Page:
Periodic Limb Movement Disorder Clinical Presentation

Updated: Jul 06, 2016
  • Author: Wayne E Anderson, DO, FAHS, FAAN; Chief Editor: Selim R Benbadis, MD  more...
  • Print
Presentation

History

Periodic limb movement disorder (PLMD) is characterized by periodic episodes of repetitive limb movements during sleep, which most often occur in the lower extremities. These movements may cause awakening during the night resulting in excessive daytime sleepiness. Often, the presenting complaint is poor sleep or unexplained insomnia and daytime somnolence. [6] Researchers report that sleep changes induced by periodic limb movements during sleep are associated with decreased physical and psychological fitness on awakening. [7]

Leg movements associated with PLMD are stereotyped and involve one or both limbs. The movement simulates triple flexion with leg flexion, ankle dorsiflexion, and great toe extension; it lasts approximately 2 seconds and thus is not consistent with the rapid jerk that defines true myoclonus. The periodicity ranges from 20-40 seconds with a variable duration. The movements are said to occur mainly in non–rapid eye movement (REM) sleep.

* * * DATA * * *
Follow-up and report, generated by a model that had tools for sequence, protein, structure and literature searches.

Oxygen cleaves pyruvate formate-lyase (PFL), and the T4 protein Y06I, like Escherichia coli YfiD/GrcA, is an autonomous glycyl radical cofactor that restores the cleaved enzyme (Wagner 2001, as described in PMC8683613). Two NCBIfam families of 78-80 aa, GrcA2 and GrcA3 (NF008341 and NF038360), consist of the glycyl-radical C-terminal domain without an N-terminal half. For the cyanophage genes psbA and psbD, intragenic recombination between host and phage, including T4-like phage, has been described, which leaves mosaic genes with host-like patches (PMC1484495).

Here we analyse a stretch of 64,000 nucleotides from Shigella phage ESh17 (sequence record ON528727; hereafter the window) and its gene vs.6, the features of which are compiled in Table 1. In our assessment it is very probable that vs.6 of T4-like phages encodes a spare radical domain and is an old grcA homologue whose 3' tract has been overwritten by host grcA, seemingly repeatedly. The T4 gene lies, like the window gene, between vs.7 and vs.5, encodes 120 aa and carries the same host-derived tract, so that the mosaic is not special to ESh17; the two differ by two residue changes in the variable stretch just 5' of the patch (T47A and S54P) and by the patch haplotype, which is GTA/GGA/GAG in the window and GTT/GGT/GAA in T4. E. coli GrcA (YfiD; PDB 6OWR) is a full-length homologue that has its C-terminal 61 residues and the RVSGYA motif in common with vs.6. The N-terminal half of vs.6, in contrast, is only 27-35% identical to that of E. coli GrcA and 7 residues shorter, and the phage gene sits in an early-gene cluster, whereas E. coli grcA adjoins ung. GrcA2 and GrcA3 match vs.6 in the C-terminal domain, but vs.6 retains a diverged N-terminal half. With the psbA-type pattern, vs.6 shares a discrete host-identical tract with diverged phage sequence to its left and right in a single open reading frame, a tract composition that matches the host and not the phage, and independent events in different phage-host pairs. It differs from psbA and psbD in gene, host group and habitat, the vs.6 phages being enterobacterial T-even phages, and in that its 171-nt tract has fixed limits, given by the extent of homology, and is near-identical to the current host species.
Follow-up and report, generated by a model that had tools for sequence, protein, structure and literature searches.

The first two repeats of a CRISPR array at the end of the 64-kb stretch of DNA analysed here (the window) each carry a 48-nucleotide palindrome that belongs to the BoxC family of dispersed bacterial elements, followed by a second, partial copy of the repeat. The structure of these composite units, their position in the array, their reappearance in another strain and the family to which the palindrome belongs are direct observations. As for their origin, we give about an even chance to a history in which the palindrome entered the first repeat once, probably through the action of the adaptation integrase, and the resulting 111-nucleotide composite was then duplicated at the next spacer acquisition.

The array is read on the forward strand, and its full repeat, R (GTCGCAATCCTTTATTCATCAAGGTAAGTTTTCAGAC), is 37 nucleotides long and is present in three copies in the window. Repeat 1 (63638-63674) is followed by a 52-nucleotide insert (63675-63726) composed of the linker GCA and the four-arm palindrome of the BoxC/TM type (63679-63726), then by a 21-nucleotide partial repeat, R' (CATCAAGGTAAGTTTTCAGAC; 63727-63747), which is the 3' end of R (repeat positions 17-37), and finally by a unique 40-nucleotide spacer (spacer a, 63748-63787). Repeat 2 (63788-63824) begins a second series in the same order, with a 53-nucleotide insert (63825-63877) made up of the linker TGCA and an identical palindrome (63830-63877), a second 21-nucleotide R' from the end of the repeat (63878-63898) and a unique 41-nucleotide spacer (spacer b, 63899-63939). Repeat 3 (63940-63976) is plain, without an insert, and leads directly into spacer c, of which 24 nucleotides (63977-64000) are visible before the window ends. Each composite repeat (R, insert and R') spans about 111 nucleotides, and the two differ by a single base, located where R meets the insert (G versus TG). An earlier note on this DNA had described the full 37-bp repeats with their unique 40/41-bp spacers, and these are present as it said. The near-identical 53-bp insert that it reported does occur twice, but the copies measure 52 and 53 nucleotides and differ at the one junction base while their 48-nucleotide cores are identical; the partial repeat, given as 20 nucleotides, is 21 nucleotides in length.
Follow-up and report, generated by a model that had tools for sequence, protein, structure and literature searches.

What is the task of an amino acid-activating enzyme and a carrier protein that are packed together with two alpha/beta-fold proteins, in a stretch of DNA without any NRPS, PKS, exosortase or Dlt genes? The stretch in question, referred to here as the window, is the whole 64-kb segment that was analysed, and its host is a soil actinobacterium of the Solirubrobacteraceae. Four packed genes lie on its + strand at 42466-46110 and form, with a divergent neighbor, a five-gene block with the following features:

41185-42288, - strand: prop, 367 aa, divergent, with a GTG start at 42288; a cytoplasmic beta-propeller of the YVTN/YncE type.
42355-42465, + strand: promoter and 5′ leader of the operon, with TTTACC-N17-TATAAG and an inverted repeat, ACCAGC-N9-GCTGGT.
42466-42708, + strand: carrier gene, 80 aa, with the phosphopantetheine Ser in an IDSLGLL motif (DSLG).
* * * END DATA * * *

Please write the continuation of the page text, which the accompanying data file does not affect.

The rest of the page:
Occasionally, a bed partner may provide the history of limb movements.

Nozawa and colleagues studied arousal index and movement index in periodic limb movement disorder and noted that the sleep-wake disorders associated with periodic limb movement relate to threshold of awakening. [8]

Growing evidence suggests a link between restless legs syndrome and periodic limb movement or sleep disorder. Picchietti et al provide evidence supporting the concept that periodic limb movement disorder may be a marker for an RLS genotype. [9]

The patient history may include ADHD. Walters et al provide an association between ADHD and sleep movement disorders including periodic limb movement disorder. [10]